It happens to the best of us: You might be totally up to date on all the latest phishing scams and still fall for one. While it’s definitely panic-inducing to realise you just clicked on some scammy link, there are some easy steps you can take next to minimise the damage and secure your devices and data.
What to do if you entered information into a suspicious site
This seems like a given, but it’s worth mentioning: Ideally, you won’t enter any information into any text boxes or download anything from a suspicious site. Still, in the event you did enter your information somewhere, according to the University at Buffalo’s Information Technology department, you need to change the password on the account that was targeted. If you use that same password on any other accounts, change those, too — and make them all unique.
If you entered information related to your finances, call your bank’s hotline (which you’ll likely find on the back of your debit or credit card) and report the incident. Check over your statements for any signs of account misuse or violation. Consider putting a lock on your credit records to stop anyone from opening a new account and check your bank’s website for specific tips on what to do next. In the event you transferred money to a scammer, report the incident to the local police.
Put a lock on your credit reports (Transunion, Equifax, Experian, and Innovis) and notify the Federal Trade Commission you were phished, especially if you entered in your social security number.
How to secure your accounts and devices
Whether you entered in any information or not, here’s what you should do after clicking a phishing link, per cyber security company aNetworks:
- Disconnect your device from the internet to stop any malware from spreading to other devices on the network.
- Back up your device using physical, external devices like USBs, so you don’t have to reconnect to the internet but can be sure your data doesn’t get erased.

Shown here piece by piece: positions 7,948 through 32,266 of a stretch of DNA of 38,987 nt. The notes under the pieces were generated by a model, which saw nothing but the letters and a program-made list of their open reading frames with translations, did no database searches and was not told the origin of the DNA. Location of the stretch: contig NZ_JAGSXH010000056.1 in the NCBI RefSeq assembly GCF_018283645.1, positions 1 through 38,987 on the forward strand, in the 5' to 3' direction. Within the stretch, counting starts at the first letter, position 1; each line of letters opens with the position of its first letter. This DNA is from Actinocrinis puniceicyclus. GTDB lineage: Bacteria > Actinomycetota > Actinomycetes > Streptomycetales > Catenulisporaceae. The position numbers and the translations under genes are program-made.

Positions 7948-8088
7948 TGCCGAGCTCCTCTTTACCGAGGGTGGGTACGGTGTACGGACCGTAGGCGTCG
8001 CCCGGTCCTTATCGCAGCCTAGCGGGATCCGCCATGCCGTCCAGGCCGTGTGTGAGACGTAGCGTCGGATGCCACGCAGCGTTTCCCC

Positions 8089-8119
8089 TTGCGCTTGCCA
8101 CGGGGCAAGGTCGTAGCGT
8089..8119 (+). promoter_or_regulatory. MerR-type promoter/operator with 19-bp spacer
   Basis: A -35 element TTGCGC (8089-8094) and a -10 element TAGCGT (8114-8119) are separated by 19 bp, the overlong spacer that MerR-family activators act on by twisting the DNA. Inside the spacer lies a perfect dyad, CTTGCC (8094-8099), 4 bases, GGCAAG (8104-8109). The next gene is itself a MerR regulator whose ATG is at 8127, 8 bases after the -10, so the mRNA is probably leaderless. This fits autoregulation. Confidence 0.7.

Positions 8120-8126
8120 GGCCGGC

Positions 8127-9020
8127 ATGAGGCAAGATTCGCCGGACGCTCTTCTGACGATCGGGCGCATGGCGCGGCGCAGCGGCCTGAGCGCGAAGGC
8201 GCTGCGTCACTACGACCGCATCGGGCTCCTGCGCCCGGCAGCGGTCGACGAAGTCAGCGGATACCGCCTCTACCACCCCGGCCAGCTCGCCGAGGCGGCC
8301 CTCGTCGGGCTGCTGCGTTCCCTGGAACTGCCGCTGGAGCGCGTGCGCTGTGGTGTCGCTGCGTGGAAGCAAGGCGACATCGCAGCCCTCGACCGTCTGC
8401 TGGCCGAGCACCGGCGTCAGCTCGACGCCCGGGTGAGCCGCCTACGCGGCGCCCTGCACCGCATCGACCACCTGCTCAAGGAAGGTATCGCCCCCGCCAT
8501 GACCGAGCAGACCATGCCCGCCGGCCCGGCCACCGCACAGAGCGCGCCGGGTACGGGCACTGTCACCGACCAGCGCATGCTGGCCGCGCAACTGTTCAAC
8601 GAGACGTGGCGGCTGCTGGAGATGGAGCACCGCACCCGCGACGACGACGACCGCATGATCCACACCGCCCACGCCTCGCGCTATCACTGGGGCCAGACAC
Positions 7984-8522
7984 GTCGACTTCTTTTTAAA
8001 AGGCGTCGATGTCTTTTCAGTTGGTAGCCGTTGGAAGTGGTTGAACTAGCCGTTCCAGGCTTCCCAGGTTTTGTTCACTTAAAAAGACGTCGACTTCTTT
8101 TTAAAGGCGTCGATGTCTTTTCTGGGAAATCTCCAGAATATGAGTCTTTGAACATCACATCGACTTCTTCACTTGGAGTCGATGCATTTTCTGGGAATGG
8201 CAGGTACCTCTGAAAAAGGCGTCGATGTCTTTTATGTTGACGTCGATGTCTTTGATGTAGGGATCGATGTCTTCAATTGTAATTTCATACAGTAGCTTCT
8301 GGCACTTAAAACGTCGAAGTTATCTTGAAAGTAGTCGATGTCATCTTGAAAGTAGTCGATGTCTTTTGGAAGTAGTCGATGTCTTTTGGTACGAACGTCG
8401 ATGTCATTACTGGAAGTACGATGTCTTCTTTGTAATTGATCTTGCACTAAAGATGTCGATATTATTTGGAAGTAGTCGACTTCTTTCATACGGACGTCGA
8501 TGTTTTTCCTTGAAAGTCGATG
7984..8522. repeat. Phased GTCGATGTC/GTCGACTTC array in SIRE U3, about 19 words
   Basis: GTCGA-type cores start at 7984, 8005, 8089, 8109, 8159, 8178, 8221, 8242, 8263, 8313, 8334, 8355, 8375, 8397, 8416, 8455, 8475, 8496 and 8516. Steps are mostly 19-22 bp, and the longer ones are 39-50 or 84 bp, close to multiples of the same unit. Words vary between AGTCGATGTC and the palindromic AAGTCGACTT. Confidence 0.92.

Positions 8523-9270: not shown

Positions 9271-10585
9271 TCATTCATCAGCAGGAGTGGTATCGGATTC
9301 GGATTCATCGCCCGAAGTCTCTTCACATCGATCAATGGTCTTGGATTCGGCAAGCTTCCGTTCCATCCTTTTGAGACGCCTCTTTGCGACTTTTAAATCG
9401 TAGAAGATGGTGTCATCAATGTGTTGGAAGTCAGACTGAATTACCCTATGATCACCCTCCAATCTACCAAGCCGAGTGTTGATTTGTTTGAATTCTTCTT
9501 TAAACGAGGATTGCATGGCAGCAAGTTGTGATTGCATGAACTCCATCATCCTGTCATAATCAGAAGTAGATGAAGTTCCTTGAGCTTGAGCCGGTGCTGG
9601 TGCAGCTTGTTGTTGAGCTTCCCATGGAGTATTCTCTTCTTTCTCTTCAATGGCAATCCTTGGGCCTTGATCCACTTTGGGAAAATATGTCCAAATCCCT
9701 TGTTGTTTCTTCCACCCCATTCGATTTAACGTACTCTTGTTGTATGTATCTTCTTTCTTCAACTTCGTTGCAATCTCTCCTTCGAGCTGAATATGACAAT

- Scan your device for malware, but be advised if you don’t have an antivirus program already installed and you’re not a tech wizard, you might need to call a professional to help you.
- Change your credentials across all your accounts and, when possible, enable two-factor authentication.
Christopher De Gaeta, director of IT services for G/O Media, explained that once you’ve cleaned out the malware — or if you don’t find any — you’re safe to reconnect to the internet so you can change your passwords and toggle on multi-factor authentication, though “some might argue it’s not totally safe and only a wipe of the computer is the true method to ensure.” Consult with a professional or your IT department to determine if a wipe is necessary before reconnecting. I once clicked a phishing link and De Gaeta talked me out of my doom spiral, so I can vouch for his authority and the value of going straight to your IT department, even if you’re embarrassed.
De Gaeta also suggested setting up fraud alerts, especially if you handed over any sensitive information like your social security number, because someone who got ahold of your details will “rarely wait to start using them.”
After you’ve followed these precautions and the panic is subsiding, don’t forget to take some steps to stop it all from happening again. Spend some time learning about the different kinds of scams — like “smishing attacks” — and enhancing your technological literacy so you can more easily recognise the next phishing attempt, because there will be another. Scammers don’t take a break, so neither should you.